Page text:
I had the chance of checking out some actual Fender amps and the similarities are incredible. The Newport knobs feels strikingly similar to the ones in real Fender equipment.
As always, looks are subjective, but this device has caught the attention of absolutely everyone that has seen it. I always get a “that is so cool” (or its equivalent in Spanish) from the people I’ve shown it to, and the fact that it is made by Fender means that everyone immediately associates it with high quality and superb sound. Of course, it was just a small social experiment that I made, but I think it is safe to say that Fender has done a superb job in the design department, and that very few devices in the market look as good as this one.
Fender didn’t stop with the amplifier resemblance at the design level. Each action that you do will trigger a nice guitar sound. The company has included tunes for turning it on, pairing, low battery, and everything in between.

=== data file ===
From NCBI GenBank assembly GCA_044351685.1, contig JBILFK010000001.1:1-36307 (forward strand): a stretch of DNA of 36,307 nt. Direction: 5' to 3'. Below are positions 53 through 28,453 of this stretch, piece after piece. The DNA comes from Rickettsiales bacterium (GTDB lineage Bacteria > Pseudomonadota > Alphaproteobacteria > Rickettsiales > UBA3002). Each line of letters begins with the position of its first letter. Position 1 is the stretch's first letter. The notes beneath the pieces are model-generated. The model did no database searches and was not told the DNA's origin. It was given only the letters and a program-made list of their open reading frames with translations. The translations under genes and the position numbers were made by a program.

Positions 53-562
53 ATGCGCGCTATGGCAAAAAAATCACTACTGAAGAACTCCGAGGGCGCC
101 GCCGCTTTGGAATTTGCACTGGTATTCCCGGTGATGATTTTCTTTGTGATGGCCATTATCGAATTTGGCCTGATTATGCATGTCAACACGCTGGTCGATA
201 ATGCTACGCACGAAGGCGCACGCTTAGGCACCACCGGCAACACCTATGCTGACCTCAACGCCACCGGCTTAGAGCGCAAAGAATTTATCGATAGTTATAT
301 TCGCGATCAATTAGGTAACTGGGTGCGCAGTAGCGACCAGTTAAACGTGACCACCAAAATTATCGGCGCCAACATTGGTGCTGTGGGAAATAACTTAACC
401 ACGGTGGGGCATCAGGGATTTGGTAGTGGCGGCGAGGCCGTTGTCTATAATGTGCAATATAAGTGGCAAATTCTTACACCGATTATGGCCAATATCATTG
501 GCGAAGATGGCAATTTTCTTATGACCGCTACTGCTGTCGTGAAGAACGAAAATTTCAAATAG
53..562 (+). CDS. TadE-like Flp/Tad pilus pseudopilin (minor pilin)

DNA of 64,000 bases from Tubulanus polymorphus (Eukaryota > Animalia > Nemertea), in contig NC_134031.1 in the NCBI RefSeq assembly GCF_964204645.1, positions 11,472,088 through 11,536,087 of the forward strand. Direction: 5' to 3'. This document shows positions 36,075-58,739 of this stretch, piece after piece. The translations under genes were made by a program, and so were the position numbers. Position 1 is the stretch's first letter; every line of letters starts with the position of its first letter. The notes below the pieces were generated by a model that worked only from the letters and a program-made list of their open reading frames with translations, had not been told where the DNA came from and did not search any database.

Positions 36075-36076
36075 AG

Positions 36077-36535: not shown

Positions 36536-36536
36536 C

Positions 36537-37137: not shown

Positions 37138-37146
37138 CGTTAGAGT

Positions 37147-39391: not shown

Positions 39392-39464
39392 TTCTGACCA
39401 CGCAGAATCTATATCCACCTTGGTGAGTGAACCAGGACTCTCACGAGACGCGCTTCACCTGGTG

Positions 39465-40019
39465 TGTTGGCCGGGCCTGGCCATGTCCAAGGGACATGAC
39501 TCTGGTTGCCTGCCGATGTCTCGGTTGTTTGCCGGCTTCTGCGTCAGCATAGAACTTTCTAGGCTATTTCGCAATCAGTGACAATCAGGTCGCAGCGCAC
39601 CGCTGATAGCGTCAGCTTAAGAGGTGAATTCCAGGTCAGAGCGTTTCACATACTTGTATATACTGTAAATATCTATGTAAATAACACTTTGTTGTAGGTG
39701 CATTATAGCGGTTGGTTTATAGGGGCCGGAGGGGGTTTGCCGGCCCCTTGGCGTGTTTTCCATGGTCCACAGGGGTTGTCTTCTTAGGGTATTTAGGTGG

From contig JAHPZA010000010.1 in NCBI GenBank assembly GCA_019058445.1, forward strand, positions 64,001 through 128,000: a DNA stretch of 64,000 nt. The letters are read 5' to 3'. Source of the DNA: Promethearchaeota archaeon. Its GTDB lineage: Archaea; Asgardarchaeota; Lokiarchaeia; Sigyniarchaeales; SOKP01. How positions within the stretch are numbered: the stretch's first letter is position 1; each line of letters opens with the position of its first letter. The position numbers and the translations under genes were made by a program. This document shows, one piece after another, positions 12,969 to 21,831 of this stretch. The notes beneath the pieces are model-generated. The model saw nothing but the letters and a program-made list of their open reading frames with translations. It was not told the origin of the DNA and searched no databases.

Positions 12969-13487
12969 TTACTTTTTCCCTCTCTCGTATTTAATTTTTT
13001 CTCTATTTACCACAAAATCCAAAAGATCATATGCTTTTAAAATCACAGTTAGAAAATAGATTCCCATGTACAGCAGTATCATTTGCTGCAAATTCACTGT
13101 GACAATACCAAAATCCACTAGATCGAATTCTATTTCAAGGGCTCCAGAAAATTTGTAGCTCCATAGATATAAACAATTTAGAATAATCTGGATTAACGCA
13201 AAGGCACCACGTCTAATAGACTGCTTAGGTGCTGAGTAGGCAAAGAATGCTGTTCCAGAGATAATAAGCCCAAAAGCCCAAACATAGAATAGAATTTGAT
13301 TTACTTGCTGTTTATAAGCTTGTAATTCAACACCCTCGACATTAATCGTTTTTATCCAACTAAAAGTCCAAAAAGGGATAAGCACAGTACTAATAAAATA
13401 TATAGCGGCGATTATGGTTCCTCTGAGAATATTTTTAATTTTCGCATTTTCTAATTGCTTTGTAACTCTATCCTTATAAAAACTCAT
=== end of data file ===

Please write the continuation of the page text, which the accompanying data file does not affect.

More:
My only gripe with them is that they don’t respect the volume knob setting. Even if I have it at position 0, it still sounds loudly. I feel sorry for my flatmates, since they have to listen to these guitar tunes every day every time I turn the speaker on and there’s no way I can make something to avoid it.
Pairing the speaker with your preferred Bluetooth device is extremely easy. You just need to press the Pair button, select it from the available devices in your device, and away you go. The speaker will make a sound accordingly and the pair button will stop blinking to let you know that everything went as expected.
I haven’t had any connection drops, even when I moved my device to other rooms with several walls between the speaker and my Samsung Galaxy S8.
I did notice a couple of skips when testing with a Huawei Honor 7 Lite, but, since these skips were not present when testing with the S8, I attribute it to a poor antenna in my Huawei phone rather than a flaw with the speaker.
Apart from the Bluetooth connection, the speaker has a couple of tricks up its sleeve. The first one is a regular AUX port. I tested it with the included cable and found no troubles with it whatsoever. I would definitely not use it but it’s good to know that it’s there for people who prefer the reliability of a regular AUX connection.
The other one is a USB port. No, not a microUSB port, but a regular USB port. You can use this port to charge your device. I am really glad that Fender decided to add this to the speaker because there’s nothing sadder than having to stop the music at your social gathering because the phone with the premium Spotify account just died (been there).